Tuesday, May 28, 2019

Epileptic phenotypes in children with early onset mitochondrial diseases

Matricardi S, Canafoglia L, Ardissone A, Moroni I, Ragona F, Ghezzi D, Lamantea E, Nardocci N, Franceschetti S, Granata T. Epileptic phenotypes in children with early onset mitochondrial diseases. Acta Neurol Scand. 2019 May 18. doi: 10.1111/ane.13130. [Epub ahead of print]

To determine the prevalence of epilepsy in children with early onset mitochondrial diseases (MDs) and to evaluate the epileptic phenotypes and associated features.

Children affected by MD with onset during the first year of life were enrolled. Patients were classified according to their mitochondrial phenotype and all findings in patients with epilepsy versus patients without were compared. The epileptic features were analyzed.

The series includes 129 patients (70 females) with median age at disease onset of 3 months. The median time of follow-up was 5 years. Non-syndromic mitochondrial encephalopathy and pyruvate dehydrogenase complex deficiency were the main mitochondrial diseases associated with epilepsy (p<0.05). Seizures occurred in 48%, and the presence of epilepsy was significantly associated with earlier age at disease onset, presence of perinatal manifestations, and early detection of developmental delay and regression (p<0.001). Epileptic encephalopathy (EE) with spasms and EE with prominent focal seizures were the most detected epileptic syndromes (37% and 27.4%). Several seizure types were recorded in 53.2%, with the unusual association of generalized and focal epileptic pattern. Disabling epilepsy was detected in 63%, and was associated with early seizure onset, presence of several seizure types, epileptic syndrome featuring EE, and the recurrence of episodes of status epilepticus and epilepsia partialis continua (p<0.05).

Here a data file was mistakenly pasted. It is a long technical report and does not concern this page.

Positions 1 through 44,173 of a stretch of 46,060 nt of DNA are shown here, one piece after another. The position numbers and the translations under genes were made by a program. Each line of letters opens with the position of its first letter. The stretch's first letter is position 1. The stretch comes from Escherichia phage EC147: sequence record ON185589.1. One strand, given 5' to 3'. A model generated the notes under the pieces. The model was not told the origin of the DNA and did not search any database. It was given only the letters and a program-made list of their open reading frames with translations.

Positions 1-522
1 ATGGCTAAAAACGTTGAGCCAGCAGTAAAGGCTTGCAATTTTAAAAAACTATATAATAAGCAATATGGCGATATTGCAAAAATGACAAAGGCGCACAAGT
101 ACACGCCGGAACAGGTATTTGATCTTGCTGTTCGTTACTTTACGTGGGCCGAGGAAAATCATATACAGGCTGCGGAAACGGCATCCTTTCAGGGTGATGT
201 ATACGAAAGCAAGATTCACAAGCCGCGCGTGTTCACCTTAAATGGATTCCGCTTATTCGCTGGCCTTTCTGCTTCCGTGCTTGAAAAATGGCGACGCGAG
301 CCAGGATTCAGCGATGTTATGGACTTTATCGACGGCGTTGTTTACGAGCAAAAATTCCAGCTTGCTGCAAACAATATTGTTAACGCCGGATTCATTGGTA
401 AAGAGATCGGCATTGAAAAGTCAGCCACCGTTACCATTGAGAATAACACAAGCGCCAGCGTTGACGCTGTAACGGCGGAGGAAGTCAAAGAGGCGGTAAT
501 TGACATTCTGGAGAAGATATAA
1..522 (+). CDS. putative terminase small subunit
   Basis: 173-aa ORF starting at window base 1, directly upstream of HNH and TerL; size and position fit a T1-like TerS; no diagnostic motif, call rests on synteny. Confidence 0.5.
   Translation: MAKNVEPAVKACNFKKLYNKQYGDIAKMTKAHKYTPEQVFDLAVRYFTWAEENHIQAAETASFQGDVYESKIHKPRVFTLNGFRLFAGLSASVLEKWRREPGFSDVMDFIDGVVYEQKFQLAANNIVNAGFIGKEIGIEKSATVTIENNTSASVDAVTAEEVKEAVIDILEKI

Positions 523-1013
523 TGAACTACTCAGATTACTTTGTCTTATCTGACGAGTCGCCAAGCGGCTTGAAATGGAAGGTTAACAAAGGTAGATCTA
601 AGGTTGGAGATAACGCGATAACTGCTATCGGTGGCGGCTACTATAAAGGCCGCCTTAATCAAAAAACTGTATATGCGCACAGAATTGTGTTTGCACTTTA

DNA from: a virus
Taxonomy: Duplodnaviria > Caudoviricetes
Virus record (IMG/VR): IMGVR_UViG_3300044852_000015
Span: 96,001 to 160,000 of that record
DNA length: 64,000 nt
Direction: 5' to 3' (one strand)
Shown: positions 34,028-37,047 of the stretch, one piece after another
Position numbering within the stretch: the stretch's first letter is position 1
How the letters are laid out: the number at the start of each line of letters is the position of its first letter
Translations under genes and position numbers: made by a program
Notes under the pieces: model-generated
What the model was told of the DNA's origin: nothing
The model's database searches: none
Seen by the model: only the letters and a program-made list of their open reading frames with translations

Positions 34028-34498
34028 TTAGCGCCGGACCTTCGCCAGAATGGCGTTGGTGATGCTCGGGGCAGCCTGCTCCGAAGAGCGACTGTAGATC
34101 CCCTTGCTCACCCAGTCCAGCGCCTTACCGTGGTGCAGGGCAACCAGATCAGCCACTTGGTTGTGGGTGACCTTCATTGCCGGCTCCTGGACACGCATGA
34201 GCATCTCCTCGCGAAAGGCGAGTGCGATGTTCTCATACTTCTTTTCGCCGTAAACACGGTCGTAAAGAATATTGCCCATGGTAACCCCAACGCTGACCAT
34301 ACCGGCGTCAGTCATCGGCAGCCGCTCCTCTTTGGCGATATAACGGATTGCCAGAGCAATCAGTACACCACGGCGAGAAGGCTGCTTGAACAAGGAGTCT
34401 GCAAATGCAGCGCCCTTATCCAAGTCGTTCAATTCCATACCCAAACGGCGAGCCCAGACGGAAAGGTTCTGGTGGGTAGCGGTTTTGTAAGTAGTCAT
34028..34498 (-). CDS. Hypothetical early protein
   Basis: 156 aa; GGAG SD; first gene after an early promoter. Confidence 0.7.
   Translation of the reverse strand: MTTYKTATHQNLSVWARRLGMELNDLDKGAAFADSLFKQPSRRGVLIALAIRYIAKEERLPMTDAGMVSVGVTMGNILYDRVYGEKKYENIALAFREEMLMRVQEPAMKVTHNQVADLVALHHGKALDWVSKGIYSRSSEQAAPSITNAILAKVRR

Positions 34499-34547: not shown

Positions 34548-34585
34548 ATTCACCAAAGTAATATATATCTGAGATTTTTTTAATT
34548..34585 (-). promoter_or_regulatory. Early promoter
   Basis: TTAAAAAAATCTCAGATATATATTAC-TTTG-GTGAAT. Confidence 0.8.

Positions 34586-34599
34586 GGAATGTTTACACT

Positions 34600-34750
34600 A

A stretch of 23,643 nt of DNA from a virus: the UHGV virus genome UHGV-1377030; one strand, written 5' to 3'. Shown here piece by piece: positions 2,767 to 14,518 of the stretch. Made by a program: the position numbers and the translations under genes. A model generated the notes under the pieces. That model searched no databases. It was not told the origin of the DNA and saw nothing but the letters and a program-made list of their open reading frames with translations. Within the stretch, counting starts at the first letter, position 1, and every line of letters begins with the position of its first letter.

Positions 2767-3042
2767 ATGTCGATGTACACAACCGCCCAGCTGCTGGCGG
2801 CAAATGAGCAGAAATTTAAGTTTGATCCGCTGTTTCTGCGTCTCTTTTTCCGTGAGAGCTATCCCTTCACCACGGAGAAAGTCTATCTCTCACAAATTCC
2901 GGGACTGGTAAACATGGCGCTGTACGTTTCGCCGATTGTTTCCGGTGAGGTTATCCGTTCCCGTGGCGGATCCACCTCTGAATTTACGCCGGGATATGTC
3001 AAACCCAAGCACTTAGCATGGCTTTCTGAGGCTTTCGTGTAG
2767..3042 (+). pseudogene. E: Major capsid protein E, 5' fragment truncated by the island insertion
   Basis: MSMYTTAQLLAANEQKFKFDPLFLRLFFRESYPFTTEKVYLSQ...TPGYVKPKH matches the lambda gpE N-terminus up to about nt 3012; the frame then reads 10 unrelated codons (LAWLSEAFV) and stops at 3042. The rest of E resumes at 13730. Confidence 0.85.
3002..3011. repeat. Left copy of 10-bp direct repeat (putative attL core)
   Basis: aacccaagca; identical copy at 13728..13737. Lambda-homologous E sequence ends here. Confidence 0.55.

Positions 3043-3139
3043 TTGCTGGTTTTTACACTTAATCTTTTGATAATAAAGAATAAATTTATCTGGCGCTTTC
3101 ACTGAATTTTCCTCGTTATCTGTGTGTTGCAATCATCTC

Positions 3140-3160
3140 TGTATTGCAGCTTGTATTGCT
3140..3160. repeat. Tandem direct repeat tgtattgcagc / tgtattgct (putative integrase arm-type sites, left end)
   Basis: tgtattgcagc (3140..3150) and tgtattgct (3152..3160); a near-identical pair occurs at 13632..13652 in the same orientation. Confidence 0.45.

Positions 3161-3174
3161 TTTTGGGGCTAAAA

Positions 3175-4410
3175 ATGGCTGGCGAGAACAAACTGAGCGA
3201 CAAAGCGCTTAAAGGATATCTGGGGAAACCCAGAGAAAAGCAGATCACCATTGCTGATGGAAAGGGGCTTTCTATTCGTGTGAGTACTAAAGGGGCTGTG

Epilepsy in children with early onset MD may be a presenting or a prominent symptom in a multisystemic clinical presentation. Epilepsy-related factors could determine a worst seizure outcome, leading to a more severe burned[brunt?] of the disease.

No comments:

Post a Comment